Jin Y, Kato T, Furu M, Nasu A, Kajita Y, Mitsui H, Ueda M, Aoyama T, Nakayama T, Nakamura T, Toguchida J. Mesenchymal stem cells cultured under hypoxia escape from senescence via down-regulation of p16 and extracellular signal regulated kinase. Biochem Biophys Res Commun. 2010;391(3):1471–6.

    CAS  PubMed  Article  Google Scholar 

  29. 29.

    Welford SM, Bedogni B, Gradin K, Poellinger L, Powell MB, Giaccia A. J. HIF1α delays premature senescence through the activation of MIF. Genes Dev. 2006;20(24):3366–71.

    CAS  PubMed  PubMed Central  Article  Google Scholar 

  30. 30.

    Xie S, Wang Q, Luo L, Ruan Q, Liu T, Jhanwar-Uniyal M, Darzynkiewicz Z, Traganos F, Dai W. Proteasome-dependent downregulation of p21Waf1/Cip1 induced by reactive oxygen species. J Interferon Cytokine Res. 2002;22(9):957–63.

    CAS  PubMed  Article  Google Scholar 

  31. 31.

    Zhou S, Greenberger JS, Epperly MW, Goff JP, Adler C, LeBoff MS, Glowacki J. Age-related intrinsic changes in human bone‐marrow‐derived mesenchymal stem cells and their differentiation to osteoblasts. Aging Cell. 2008;7(3):335–43.

    CAS  PubMed  Article  Google Scholar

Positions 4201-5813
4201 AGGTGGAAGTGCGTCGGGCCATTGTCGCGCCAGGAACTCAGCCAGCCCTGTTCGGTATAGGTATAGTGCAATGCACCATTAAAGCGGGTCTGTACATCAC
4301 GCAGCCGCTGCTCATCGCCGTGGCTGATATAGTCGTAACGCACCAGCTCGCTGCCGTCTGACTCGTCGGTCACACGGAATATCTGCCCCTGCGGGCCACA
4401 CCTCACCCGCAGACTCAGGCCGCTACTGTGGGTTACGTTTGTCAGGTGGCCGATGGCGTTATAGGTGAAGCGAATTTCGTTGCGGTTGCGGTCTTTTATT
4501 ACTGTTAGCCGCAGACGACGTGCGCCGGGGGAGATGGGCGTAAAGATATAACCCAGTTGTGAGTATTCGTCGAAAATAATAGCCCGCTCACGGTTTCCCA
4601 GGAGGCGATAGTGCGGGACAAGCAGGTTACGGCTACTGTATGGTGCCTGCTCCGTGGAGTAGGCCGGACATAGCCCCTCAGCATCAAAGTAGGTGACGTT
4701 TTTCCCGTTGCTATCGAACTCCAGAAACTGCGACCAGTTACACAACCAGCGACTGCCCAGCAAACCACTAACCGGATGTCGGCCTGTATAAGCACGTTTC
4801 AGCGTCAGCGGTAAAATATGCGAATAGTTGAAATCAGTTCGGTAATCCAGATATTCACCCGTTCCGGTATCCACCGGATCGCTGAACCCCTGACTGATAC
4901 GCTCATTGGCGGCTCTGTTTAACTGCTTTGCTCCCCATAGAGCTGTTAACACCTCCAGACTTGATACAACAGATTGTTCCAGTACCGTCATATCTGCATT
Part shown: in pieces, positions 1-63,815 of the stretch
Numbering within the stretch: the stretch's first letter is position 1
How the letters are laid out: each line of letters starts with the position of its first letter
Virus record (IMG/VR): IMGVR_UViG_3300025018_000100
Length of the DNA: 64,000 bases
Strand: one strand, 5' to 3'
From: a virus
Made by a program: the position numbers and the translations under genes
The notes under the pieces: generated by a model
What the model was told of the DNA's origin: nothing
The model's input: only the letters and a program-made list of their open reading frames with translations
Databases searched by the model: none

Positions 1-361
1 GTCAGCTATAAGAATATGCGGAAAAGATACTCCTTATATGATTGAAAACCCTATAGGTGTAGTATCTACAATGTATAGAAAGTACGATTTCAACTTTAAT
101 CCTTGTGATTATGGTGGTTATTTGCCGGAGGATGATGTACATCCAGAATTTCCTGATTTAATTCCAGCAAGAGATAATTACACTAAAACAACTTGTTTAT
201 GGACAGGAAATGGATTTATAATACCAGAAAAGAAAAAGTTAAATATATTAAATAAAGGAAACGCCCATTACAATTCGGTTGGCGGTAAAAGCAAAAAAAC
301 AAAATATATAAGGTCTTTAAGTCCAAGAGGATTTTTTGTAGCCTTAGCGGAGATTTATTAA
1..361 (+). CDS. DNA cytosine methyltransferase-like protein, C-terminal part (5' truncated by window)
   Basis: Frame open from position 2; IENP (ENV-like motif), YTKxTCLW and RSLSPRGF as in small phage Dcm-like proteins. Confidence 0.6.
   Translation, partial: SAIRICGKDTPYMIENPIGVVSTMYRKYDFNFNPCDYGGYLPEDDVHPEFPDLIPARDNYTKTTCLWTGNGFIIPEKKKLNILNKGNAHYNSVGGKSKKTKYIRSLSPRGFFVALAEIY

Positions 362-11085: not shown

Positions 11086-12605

32. 32.

    Hong SH, Lee MH, Koo MA, Seon GM, Park YJ, Kim DH, Park JC. Stem cell passage affects directional migration of stem cells in electrotaxis. Stem Cell Res. 2019;38:101475.

    CAS  PubMed  Article  Google Scholar 

  33. 33.

    Roobrouck VD, Ulloa-Montoya F, Verfaillie CM. Self-renewal and differentiation capacity of young and aged stem cells. Exp Cell Res. 2008;314(9):1937–44.

    CAS  PubMed  Article  Google Scholar 

  34. 34.

    Tofino-Vian M, Guillen MI, Perez del Caz MD, Castejon MA, Alcaraz MJ. Extracellular vesicles from adipose-derived mesenchymal stem cells downregulate senescence features in osteoarthritic osteoblasts. Oxid Med Cell Longev. 2017;2017:7197598

    PubMed  PubMed Central  Article  CAS  Google Scholar 

  35. 35.

    Villeda SA, et al. The ageing systemic milieu negatively regulates neurogenesis and cognitive function. Nature. 2011;477(7362):90–4.

    CAS  PubMed  PubMed Central  Article  Google Scholar 

  36. 36.

    Wahlestedt M, Erlandsson E, Kristiansen T, Lu R, Brakebusch C, Weissman IL, Yuan J, Martin-Gonzalez J, Bryder D. Clonal reversal of ageing-associated stem cell lineage bias via a pluripotent intermediate. Nat Commun. 2017;8(1):1–8.

    Article  CAS  Google Scholar 

  37. 37.

    Abad M, Mosteiro L, Pantoja C, Cañamero M, Rayon T, Ors I, Graña O, Megías D, Domínguez O, Martínez D, Manzanares M, Ortega S, Serrano M. Reprogramming in vivo produces teratomas and iPS cells with totipotency features. Nature. 2013;502(7471):340–5.

    CAS  PubMed  Article  Google Scholar 

  38. 38.

    Nguyen HT, Thapa RK, Shin BS, Jeong JH, Kim JR, Yong CS, Kim J. O. CD9 monoclonal antibody-conjugated PEGylated liposomes for targeted delivery of rapamycin in the treatment of cellular senescence. Nanotechnology. 2017;28(9):095101.

    PubMed  Article  CAS  Google Scholar 

  39. 39.